The Korea Herald


[Up & Coming] Humility and hard work make for mean designs

An interview with Kathleen Hanhee Kye, designer and founder of hip fashion brand KYE

By Korea Herald

Published : April 14, 2015 - 19:32

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Up & Coming is a series of interviews with emerging artists in various fields of arts and entertainment. ― Ed.

It would be easy to assume that the creator behind designs that have been called “youthful” and “rebellious” would have an equally boisterous personality.

However, designer Kathleen Hanhee Kye flips this assumption on its head ― she is a calm yet driven, principled professional. 

Designer Hanhee Kathleen Kye and her 2015 fall-winter collection at the KYE showroom in Sinsa-dong, Seoul. (Lee Sang-sub/The Korea Herald) Designer Hanhee Kathleen Kye and her 2015 fall-winter collection at the KYE showroom in Sinsa-dong, Seoul. (Lee Sang-sub/The Korea Herald)

The Korea Herald met with Kye at her cozy Sinsa-dong showroom just three days after her fall-winter show at the 2015 Seoul Fashion Week.

If ever the phrase “wild at heart” was fitting for a person, Kye seems to be it. During the interview, she engaged in a quiet and thoughtful way, while sporting an oversized jean jacket from her collaboration line with PLAC Jeans, leopard-print slip-ons, a good amount of eyeliner and hair partially bleached platinum blonde.

At 28 years old, Kye is the founder and designer of her eponymous brand KYE, which has been sought out by K-pop stars such as BigBang, 2NE1, EXO, Miss A and international pop icons Rihanna and Rita Ora.

“But experience is an important thing in fashion, and my brand is only three, four years old,” Kye said on her meteoric rise, a response befitting her family’s motto of “humility.” “I have a long way to go yet,” she said.

Despite her early, seemingly glamorous success, Kye has long been an advocate of hard work. Her latest collection satirizes our society’s youth who simply want to “get lucky” or “demand more than they’ve worked for.”

“The younger generations these days seem to prefer the get-rich-quick route,” she said.

To visualize this “hit the jackpot” mindset, Kye incorporated emblems of slot machines and casino tokens into velvet sweaters and bright red tartan shirts.

“I thought about images related to cards, gambling, the lottery ... and that led me to Vegas, and the Vegas cowboy, and then I thought about the Gold Rush of the West, and everything got jumbled together in a big mind map,” she explained on her creative process.

Expressing social themes through clothing has become a signature of the KYE brand. The 2015 spring-summer collection, for example, spoke of the environmental impact of bees through elaborate honeycomb-shaped embroidery on baggy tees.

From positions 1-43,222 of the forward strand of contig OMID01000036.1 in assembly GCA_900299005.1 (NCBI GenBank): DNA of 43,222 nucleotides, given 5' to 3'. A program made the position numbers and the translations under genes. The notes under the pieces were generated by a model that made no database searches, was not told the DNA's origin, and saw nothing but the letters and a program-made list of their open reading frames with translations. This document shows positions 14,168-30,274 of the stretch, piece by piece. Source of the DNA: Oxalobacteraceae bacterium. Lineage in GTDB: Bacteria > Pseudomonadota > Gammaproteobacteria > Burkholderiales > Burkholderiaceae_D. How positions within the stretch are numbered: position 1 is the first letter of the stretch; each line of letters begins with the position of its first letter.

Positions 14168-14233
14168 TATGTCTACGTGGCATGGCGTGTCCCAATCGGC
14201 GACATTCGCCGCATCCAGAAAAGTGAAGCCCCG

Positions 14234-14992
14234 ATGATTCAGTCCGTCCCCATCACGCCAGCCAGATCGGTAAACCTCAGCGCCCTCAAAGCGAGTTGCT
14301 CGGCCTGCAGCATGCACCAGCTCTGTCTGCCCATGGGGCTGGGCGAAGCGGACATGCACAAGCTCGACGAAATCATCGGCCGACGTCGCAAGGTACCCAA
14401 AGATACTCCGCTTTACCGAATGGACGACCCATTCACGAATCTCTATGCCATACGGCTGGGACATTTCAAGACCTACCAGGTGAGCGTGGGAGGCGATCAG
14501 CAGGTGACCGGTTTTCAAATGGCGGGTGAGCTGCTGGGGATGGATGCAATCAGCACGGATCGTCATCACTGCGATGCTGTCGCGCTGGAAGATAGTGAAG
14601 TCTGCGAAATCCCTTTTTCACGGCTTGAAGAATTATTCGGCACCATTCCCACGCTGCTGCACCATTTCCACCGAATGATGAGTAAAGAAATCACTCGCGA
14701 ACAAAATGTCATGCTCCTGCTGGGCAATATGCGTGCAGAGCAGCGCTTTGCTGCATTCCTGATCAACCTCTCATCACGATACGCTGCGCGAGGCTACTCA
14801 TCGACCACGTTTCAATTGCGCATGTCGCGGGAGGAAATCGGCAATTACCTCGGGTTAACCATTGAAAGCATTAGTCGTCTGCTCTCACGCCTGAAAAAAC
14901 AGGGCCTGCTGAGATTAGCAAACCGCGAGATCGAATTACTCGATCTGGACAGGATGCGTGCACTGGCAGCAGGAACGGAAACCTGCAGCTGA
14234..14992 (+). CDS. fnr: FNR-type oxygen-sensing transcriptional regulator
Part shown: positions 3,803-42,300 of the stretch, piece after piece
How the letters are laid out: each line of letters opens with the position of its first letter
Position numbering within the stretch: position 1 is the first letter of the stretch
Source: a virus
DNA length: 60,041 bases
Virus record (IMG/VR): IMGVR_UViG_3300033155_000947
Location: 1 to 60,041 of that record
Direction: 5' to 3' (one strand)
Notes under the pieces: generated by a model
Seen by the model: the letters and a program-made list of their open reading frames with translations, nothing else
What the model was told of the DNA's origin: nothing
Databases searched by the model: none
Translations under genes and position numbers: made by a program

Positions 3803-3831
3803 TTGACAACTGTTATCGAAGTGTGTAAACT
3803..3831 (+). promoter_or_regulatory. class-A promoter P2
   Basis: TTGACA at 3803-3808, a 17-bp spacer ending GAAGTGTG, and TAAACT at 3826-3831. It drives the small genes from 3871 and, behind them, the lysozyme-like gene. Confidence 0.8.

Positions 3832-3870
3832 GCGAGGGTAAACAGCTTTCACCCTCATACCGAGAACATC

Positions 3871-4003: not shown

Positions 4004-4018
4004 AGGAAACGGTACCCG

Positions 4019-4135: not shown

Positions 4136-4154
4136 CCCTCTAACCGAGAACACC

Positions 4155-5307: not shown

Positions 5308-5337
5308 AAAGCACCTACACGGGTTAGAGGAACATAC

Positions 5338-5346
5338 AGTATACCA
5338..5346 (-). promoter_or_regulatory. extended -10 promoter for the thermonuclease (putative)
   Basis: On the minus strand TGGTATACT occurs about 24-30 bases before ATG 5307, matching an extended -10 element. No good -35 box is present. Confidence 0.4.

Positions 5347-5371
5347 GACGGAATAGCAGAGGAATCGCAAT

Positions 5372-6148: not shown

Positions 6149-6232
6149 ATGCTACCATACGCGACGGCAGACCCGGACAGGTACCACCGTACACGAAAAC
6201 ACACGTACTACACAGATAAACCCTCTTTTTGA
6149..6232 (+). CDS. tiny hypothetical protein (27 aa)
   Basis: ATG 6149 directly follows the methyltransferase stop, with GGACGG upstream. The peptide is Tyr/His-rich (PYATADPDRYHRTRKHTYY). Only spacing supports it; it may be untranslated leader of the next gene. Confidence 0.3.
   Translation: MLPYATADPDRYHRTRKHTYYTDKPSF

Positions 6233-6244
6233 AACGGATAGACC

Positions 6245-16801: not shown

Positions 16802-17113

“Most artists are inspired by books, movies or music, but I get inspiration from more raw information, like documentaries. I’m interested in so many different things.”

From a young age, Kye knew she wanted a career involving “creative expression,” and was willing to invest in her future. While attending an international school in Seoul, she explored various artistic media and took summer courses in fine arts, graphic design and other subjects, finally deciding on fashion.

Upon graduation, she went to London’s Central St. Martins, widely recognized as one of the top fashion schools in the world, and finished with an MA in menswear. After an eye-catching debut at London Fashion Week, she returned to Korea to launch KYE.

It may sound like smooth sailing ― figuring out her passion at an early age, having the drive and talent to pursue it, graduating from a top school and launching her own brand ― but that perception is because Kye doesn’t complain about the difficult aspects of her success.

With nearly no money at the beginning, she applied for as many government-sponsored programs as possible, and was finally picked for the Seoul Fashion Creative Studio, an initiative that fosters up-and-coming designers by offering free studio space. In that tiny cubicle, Kye first started scraping together start-up funds by working as a stylist for commercials.

“Every day, almost every moment was a challenge,” she recalled. “But I tried to use my time efficiently and focus on solving the problem.”

“I think if you work hard, there’s bound to be a way, somehow,” Kye added. “If you really want something, you should be ready to invest in it.”

Despite the pressure of sales, the manufacturing mistakes, the conflict with people and the hassle of press, Kye enjoys every part of the design process.

“I genuinely love clothes, which is why I do it all.”

By Rumy Doo (